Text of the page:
New Definition of "Spouse" Under the FMLA Extends Rights to Employees in Legal Same-Sex Marriages
In light of the United States Supreme Court's decision in United States v. Windsor, which found the Defense of Marriage Act (DOMA) to be unconstitutional, the Department of Labor announced on February 23, 2015 that the definition of "spouse" under the Family and Medical Leave Act (FMLA) will be revised to include employees in legal same-sex marriages regardless of where they live. Under DOMA, a spouse is defined as "a person of the opposite sex who is a husband or wife." 1 U.S.C. § 7. In Windsor, the Court found excluding same-sex couples in lawful marriages was a violation of equal protection under the Fifth Amendment of the Constitution.
Accordingly, the definition of "spouse" under the FMLA, which entitles eligible employees of covered employers to take job-protected, unpaid leave for certain family and medical reasons, now includes "an individual in a same-sex or common law marriage that either (1) was entered into in a State that recognizes such marriages, or (2) if entered into outside of any State, is valid in the place where entered into and could have been entered into in at least one State." The rule shifts the focus from where the employee resides to where the marriage was celebrated. Thus, employers operating in states where same-sex marriage is not legal are not precluded from having to provide job-protected, unpaid leave to an employee in a same-sex marriage if the employee meets the new statutory definition of "spouse" under the FMLA.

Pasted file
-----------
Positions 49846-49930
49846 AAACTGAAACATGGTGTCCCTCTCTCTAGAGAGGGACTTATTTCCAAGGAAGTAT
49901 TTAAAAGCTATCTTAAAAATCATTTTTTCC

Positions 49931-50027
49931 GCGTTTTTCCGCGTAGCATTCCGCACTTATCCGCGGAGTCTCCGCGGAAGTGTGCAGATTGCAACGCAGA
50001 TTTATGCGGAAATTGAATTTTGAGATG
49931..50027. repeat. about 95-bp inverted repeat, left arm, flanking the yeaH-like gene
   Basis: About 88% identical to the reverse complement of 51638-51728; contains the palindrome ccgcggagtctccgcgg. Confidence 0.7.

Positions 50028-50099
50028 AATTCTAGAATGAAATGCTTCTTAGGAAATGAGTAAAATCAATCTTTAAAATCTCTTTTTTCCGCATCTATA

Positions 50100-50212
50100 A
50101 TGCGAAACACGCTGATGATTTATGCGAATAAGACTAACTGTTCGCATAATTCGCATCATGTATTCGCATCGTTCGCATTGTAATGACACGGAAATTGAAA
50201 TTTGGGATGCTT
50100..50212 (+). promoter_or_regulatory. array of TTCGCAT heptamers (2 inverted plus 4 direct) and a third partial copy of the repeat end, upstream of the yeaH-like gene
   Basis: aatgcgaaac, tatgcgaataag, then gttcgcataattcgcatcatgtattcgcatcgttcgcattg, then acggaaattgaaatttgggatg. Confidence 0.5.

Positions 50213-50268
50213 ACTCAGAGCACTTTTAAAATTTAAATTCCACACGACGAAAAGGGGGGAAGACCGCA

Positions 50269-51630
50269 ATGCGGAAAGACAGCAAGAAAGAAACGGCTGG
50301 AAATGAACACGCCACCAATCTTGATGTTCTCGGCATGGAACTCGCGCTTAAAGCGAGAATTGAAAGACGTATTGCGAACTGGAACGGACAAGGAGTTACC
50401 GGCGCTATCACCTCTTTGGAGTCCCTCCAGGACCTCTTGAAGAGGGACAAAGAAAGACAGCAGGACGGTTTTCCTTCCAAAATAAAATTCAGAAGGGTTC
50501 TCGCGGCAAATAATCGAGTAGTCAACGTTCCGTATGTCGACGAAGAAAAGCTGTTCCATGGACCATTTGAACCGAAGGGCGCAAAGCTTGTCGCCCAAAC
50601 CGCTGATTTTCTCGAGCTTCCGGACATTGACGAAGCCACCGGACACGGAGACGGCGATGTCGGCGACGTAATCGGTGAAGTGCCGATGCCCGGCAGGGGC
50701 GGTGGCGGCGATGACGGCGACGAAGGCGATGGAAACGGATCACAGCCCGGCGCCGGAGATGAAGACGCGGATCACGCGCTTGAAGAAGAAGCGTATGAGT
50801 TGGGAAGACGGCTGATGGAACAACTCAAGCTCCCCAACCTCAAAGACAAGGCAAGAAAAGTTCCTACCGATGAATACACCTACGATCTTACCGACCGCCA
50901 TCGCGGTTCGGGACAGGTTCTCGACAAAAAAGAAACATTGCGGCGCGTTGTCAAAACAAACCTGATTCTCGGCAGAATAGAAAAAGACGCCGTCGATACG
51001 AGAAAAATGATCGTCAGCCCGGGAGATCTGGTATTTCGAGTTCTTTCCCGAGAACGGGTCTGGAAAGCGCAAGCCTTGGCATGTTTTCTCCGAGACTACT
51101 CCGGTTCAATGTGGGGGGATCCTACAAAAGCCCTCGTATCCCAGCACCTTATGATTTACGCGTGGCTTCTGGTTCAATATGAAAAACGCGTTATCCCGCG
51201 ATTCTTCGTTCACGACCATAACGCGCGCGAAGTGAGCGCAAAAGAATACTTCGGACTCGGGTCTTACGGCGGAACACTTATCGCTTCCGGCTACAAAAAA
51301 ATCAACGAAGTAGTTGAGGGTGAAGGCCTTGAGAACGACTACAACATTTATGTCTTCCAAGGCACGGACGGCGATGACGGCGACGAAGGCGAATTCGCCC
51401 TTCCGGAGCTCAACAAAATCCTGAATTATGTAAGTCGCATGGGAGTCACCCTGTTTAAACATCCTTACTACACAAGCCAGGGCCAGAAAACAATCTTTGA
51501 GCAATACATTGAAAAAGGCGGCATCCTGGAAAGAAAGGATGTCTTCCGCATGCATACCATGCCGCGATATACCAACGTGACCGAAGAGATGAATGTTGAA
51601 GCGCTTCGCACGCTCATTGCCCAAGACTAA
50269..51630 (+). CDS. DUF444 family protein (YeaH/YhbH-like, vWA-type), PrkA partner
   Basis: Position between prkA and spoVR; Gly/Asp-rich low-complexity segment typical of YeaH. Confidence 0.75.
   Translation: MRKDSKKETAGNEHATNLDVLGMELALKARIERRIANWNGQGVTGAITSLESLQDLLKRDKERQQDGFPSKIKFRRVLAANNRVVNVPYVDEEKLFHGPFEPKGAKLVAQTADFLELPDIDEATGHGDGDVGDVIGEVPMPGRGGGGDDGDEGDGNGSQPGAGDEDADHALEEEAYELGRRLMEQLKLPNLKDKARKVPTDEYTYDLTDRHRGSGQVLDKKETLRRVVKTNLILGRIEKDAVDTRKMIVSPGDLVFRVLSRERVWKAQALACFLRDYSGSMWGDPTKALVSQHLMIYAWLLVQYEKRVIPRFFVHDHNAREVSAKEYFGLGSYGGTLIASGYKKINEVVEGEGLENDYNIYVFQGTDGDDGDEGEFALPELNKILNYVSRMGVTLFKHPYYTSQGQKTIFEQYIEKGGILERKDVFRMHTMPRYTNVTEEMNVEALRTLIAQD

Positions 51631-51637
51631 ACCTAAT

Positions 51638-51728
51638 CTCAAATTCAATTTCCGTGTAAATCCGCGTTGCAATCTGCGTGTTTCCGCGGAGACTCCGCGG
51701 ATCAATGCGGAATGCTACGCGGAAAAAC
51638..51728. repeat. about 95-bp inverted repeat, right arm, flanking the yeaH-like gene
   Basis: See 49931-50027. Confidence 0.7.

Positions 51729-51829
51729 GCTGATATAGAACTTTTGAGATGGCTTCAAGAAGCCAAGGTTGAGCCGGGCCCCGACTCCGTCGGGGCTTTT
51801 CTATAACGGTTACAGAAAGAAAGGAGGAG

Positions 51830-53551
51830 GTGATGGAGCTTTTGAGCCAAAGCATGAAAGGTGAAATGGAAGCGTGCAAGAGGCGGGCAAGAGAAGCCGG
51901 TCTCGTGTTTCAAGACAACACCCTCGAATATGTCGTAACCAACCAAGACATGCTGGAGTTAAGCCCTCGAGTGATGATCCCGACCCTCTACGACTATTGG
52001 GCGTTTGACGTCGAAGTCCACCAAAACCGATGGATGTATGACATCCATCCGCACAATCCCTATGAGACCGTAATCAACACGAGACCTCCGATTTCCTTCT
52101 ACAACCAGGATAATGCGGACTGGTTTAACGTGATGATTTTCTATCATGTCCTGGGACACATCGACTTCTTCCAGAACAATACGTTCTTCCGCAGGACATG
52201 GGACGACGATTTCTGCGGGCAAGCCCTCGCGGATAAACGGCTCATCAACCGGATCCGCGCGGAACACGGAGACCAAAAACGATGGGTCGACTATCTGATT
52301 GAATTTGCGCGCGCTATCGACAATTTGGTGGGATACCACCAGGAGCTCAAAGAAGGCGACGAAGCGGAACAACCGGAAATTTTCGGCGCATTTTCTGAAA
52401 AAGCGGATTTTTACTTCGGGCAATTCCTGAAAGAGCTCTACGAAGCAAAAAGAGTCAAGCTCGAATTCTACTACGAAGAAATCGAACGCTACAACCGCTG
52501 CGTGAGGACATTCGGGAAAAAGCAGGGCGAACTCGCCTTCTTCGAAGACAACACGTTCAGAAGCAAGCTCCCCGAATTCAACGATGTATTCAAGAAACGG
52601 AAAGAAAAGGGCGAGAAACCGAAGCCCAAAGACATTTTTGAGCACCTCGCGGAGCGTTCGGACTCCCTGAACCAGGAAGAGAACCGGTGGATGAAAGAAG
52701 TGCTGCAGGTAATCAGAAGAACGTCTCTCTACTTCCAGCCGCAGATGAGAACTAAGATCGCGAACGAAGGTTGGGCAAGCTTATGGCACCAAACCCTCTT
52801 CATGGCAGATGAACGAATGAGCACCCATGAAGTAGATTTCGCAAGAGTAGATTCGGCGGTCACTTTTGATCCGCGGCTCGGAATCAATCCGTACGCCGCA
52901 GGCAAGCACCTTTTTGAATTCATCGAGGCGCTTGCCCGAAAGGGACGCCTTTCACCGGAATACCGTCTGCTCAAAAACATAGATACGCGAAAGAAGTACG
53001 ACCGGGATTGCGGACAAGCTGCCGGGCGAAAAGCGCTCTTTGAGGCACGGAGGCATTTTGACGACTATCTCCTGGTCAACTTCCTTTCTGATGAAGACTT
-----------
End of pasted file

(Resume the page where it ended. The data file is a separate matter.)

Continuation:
The new definition of "spouse" will be effective on March 27, 2015.
If you have any questions regarding the content of this alert, please contact Amanda J. MacDonald at firstname.lastname@example.org | (412) 394-2507 or another member of Clark Hill's Labor & Employment Law practice group.
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